If music quality is important to you, then there are few different factors to consider when choosing your next phone. How good are the speakers? Does it have a good DAC (the gizmo that converts digital files into something you can hear)? Does it have a headphone socket - and if not, does this matter?
We've taken a look at some of the top models with these questions in mind so you can choose the best phone for your music needs.
Whether you're BBQing in the back garden or going for a run, immerse yourself in cinematic sound with the Samsung Galaxy S10e's AKG-tuned stereo speakers and earphones. The Dolby Atmos system dramatically improves clarity and performance, giving your music a vivid, nuanced and powerful audio boost, and surrounding you with immersive 3D sound.
The Google Pixel 3 comes prepared for music lovers at home and on the go. Listen to your favourite tunes with the new Google Pixel USB-C earbuds, or blast them out of the dual front-facing stereo speakers when you chill at home. Identify the music that's playing around you with the always-listening Now Playing feature, and browse your past searches in its history section through a new shortcut.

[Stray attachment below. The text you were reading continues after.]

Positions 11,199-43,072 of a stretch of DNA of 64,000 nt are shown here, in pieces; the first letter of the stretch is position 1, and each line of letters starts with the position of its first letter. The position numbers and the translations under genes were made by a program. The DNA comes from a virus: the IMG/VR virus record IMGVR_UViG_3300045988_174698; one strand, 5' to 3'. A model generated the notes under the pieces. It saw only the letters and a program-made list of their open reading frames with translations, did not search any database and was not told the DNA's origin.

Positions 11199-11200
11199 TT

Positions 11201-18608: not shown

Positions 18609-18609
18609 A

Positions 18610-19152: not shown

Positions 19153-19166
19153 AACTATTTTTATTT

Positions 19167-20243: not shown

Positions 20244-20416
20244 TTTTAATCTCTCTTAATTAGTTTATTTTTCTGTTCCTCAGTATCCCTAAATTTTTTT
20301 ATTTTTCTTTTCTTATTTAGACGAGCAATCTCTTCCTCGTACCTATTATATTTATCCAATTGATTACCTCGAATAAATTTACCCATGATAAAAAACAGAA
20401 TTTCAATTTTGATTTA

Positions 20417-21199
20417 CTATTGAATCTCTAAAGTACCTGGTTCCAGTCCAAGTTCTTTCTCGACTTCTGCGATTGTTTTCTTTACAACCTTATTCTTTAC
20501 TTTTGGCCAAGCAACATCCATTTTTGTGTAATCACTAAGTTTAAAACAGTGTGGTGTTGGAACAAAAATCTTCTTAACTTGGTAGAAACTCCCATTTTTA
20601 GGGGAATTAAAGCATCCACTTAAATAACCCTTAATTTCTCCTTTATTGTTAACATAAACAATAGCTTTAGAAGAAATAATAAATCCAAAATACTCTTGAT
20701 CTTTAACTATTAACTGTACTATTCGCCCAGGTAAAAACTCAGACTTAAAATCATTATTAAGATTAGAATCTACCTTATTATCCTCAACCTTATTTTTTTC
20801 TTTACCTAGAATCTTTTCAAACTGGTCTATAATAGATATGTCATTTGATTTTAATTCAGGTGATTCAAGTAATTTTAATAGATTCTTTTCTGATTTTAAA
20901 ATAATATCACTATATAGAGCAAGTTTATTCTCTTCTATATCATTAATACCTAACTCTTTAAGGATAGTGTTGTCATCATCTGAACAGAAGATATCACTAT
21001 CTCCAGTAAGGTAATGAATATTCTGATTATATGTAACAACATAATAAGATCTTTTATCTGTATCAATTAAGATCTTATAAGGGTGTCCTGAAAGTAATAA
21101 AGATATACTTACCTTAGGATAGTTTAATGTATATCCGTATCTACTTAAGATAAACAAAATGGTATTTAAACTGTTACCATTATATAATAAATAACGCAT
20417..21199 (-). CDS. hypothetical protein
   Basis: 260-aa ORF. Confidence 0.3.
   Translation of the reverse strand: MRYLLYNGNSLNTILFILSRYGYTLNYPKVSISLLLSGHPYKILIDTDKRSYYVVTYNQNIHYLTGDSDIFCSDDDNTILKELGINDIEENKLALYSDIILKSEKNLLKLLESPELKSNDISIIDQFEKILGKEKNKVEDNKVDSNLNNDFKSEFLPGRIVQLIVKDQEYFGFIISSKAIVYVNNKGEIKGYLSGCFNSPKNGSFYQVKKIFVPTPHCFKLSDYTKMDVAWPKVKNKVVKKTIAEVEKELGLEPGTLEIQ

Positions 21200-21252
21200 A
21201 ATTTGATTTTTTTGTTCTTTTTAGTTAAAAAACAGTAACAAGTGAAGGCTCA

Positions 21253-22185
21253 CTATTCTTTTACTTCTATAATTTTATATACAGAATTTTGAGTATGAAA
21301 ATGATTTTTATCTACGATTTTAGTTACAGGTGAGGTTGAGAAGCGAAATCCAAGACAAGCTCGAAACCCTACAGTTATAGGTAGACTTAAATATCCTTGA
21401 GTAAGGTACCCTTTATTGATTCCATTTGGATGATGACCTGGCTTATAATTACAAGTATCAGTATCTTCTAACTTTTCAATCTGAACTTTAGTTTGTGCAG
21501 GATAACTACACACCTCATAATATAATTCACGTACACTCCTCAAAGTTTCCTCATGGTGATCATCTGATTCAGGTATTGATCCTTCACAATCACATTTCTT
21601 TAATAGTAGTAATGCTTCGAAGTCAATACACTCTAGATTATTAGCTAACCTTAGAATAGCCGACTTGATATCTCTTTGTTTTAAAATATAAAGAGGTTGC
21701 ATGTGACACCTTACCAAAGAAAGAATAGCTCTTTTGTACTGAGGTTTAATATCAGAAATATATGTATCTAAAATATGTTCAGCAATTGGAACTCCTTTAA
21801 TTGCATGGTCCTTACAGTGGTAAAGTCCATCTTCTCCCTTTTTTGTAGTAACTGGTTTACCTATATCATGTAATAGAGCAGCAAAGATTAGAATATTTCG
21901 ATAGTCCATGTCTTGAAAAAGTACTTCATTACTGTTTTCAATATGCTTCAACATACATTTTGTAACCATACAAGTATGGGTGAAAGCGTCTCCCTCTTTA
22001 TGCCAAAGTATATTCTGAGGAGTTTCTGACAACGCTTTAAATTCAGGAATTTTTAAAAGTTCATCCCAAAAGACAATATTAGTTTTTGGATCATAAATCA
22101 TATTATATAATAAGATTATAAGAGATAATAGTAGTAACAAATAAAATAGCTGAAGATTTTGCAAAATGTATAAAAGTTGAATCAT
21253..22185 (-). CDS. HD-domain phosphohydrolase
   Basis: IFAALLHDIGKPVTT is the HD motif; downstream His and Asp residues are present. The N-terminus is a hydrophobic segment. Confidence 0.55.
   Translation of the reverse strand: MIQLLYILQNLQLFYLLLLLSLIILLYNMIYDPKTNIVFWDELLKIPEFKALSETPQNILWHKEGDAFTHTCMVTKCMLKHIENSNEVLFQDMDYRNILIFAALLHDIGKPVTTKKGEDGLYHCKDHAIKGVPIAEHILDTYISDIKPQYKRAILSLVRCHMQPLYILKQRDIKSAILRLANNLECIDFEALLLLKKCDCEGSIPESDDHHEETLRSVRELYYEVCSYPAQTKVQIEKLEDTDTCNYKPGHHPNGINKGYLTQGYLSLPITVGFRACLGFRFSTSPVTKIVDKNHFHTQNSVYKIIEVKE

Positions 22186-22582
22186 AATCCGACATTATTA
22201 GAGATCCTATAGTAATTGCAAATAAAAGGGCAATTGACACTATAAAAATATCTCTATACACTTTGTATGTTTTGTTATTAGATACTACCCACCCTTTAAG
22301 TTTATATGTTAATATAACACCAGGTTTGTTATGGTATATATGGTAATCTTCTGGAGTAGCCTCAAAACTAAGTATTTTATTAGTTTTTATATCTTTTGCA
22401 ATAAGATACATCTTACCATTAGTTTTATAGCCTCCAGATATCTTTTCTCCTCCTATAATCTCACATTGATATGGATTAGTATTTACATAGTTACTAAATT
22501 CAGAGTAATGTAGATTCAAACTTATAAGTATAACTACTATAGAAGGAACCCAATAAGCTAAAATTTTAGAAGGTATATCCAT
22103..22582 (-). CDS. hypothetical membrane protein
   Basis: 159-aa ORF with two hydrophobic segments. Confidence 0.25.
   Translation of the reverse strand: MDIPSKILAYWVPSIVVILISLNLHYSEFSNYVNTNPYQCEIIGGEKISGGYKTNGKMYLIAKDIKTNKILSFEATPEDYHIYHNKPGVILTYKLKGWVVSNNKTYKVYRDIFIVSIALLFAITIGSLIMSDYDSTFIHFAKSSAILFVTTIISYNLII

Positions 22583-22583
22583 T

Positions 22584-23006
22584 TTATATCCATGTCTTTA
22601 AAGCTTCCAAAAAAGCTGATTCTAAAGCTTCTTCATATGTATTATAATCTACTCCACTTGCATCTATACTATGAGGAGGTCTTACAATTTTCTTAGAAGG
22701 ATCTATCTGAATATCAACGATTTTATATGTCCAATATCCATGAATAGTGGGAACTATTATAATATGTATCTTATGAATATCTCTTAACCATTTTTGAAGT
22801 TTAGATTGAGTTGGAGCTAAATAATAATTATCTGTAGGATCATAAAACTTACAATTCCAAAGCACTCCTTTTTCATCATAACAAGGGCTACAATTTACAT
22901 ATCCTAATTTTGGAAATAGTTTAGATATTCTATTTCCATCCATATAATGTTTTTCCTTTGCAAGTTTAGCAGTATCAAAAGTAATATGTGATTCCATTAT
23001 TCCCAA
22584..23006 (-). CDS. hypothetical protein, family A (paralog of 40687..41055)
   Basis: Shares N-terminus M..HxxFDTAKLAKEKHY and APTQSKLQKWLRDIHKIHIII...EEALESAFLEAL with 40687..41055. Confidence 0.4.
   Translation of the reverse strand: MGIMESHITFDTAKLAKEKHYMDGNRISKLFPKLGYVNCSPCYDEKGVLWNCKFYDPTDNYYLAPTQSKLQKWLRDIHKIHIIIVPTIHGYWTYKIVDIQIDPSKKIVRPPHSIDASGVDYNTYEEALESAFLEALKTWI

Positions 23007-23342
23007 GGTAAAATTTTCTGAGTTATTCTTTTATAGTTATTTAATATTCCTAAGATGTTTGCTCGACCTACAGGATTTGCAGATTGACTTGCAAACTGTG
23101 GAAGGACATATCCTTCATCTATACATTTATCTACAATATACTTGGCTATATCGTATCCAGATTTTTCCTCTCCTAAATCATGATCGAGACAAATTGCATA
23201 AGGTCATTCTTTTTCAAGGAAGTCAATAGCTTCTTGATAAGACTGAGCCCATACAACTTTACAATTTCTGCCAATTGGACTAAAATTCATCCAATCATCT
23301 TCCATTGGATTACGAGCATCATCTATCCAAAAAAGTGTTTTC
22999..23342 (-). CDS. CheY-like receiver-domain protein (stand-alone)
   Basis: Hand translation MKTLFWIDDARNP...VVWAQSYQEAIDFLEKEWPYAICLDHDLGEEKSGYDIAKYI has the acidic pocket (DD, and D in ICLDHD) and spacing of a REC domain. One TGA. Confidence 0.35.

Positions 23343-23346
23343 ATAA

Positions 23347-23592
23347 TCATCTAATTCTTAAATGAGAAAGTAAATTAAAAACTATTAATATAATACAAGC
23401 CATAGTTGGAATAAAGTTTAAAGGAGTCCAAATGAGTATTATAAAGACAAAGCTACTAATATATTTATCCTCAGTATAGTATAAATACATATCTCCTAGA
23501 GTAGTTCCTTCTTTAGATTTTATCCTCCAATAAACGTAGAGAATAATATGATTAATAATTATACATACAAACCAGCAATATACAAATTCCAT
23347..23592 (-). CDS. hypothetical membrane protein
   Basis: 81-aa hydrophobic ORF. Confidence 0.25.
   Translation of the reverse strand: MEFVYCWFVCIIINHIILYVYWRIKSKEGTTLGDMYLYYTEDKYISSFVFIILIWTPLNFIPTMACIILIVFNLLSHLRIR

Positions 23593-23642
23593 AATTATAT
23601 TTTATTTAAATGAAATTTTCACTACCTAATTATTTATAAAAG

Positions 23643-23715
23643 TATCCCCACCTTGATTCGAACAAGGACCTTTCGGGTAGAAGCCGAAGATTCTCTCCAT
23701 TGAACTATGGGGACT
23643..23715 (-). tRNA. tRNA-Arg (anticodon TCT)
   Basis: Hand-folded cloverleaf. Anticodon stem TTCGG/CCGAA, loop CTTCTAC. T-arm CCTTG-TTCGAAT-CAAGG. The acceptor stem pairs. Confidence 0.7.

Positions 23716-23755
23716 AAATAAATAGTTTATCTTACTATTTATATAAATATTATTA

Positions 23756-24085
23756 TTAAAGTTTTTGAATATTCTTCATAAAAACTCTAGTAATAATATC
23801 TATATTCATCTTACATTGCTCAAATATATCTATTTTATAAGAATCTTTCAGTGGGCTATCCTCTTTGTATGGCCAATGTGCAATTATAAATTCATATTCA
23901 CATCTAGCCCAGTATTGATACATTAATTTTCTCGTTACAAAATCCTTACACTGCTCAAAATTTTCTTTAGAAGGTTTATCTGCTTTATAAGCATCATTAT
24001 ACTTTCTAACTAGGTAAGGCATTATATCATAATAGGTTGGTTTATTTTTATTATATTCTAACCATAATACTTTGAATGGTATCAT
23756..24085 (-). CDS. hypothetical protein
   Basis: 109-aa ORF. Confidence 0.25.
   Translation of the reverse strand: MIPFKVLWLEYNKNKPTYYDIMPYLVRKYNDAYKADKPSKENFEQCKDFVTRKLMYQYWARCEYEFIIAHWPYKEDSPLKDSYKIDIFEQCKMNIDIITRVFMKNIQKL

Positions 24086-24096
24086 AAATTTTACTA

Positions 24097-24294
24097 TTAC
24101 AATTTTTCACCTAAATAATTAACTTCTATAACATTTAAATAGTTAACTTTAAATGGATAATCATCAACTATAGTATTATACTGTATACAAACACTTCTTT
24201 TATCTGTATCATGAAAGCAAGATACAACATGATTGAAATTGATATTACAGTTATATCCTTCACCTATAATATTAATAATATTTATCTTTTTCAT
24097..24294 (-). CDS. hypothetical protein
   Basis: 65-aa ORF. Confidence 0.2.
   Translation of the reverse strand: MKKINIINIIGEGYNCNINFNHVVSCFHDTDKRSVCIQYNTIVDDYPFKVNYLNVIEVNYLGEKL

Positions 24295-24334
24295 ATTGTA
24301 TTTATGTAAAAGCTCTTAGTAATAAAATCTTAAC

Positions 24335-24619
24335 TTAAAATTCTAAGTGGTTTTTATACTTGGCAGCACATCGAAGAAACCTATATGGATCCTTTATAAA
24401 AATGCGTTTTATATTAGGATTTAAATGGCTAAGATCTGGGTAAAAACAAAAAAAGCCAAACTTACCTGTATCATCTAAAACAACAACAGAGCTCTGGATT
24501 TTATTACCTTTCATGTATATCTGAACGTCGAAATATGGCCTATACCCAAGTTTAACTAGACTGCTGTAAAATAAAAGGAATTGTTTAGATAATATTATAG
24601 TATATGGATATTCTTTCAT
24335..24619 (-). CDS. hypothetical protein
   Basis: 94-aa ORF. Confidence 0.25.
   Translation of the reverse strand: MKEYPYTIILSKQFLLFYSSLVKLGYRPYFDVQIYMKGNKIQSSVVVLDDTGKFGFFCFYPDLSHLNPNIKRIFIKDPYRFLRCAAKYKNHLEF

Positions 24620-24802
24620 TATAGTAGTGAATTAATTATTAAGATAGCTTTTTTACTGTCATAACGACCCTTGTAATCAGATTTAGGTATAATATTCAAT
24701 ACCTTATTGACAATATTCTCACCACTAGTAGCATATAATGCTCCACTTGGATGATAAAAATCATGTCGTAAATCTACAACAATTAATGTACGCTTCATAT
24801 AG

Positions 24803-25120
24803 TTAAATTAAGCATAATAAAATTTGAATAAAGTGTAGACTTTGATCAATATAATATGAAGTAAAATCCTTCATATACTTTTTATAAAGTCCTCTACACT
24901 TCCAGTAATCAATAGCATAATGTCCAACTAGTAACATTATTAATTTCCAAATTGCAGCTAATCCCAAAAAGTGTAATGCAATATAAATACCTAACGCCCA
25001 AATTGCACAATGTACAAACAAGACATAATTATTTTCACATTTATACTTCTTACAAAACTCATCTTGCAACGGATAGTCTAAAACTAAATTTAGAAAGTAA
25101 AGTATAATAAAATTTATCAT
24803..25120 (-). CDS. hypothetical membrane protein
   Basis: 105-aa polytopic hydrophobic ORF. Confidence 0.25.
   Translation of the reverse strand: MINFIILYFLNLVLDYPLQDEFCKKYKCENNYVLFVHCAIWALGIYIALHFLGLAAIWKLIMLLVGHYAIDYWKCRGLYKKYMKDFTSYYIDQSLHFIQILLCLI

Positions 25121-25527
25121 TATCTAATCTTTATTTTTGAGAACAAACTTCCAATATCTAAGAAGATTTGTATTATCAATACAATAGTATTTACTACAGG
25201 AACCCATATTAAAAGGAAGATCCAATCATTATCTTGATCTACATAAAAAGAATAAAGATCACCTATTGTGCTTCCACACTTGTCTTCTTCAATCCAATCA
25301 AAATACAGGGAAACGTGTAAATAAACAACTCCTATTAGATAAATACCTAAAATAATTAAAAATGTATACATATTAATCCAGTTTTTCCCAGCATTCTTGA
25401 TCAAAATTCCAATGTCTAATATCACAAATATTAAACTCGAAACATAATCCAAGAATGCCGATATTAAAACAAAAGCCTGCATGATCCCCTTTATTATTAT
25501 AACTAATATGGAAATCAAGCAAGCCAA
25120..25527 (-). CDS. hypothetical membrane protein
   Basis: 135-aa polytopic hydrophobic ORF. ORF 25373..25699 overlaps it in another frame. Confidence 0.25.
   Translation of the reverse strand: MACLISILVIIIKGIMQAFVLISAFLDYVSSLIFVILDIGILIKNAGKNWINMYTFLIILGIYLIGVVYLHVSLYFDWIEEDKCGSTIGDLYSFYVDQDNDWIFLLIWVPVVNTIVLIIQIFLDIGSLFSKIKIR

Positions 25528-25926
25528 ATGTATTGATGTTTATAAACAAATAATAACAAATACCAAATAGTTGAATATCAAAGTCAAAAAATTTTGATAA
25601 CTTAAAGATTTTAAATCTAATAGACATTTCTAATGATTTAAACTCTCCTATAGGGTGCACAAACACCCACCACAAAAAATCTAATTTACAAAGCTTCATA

A great choice for music fans, whether you listen through the impressively loud stereo speakers, or the AKG earbuds that come in the box. For the best listening experience, you can select the UHQ (Ultra High Quality) upscaler in 'settings', which takes advantage of the 32bit DAC to deliver a really true-to-life sound.
Hi-resolution audio (also known as hi-res, high definition or HD audio) doesn't have an official definition - but it's generally accepted to mean any audio file stored at higher quality than CD.
Some experts argue that CD quality is plenty high enough for human hearing - but hi-res files certainly represent a big step up from standard MP3s or Spotify streaming at 320kbps. To put it into perspective, a CD has a data rate of 1411kbps (over four times that of an MP3 at 320kbps) while a hi-res music file has a data rate of 9216kbps - over 28 times faster (or more detailed) than the highest quality MP3.
This does however mean that hi-res files (including WAV, AIFF, FLAC, ALAC and more) will take up much more space in your phone's memory. So if you're thinking of going down the hi-res audio route, you'll want to choose a phone with plenty of memory. Plus of course, you'll want to pair it with a decent set of headphones.
Currently most music streaming services don't offer hi-res or high-definition audio - so the best way to listen to top-quality music on your phone is to download and save hi-res music files and listen to them through your phone's music player. (Note that TIDAL does offer high-res streaming, but only for the desktop application). The most popular hi-res formats are WAV and FLAC for Android, and ALAC and AIFF for iPhone.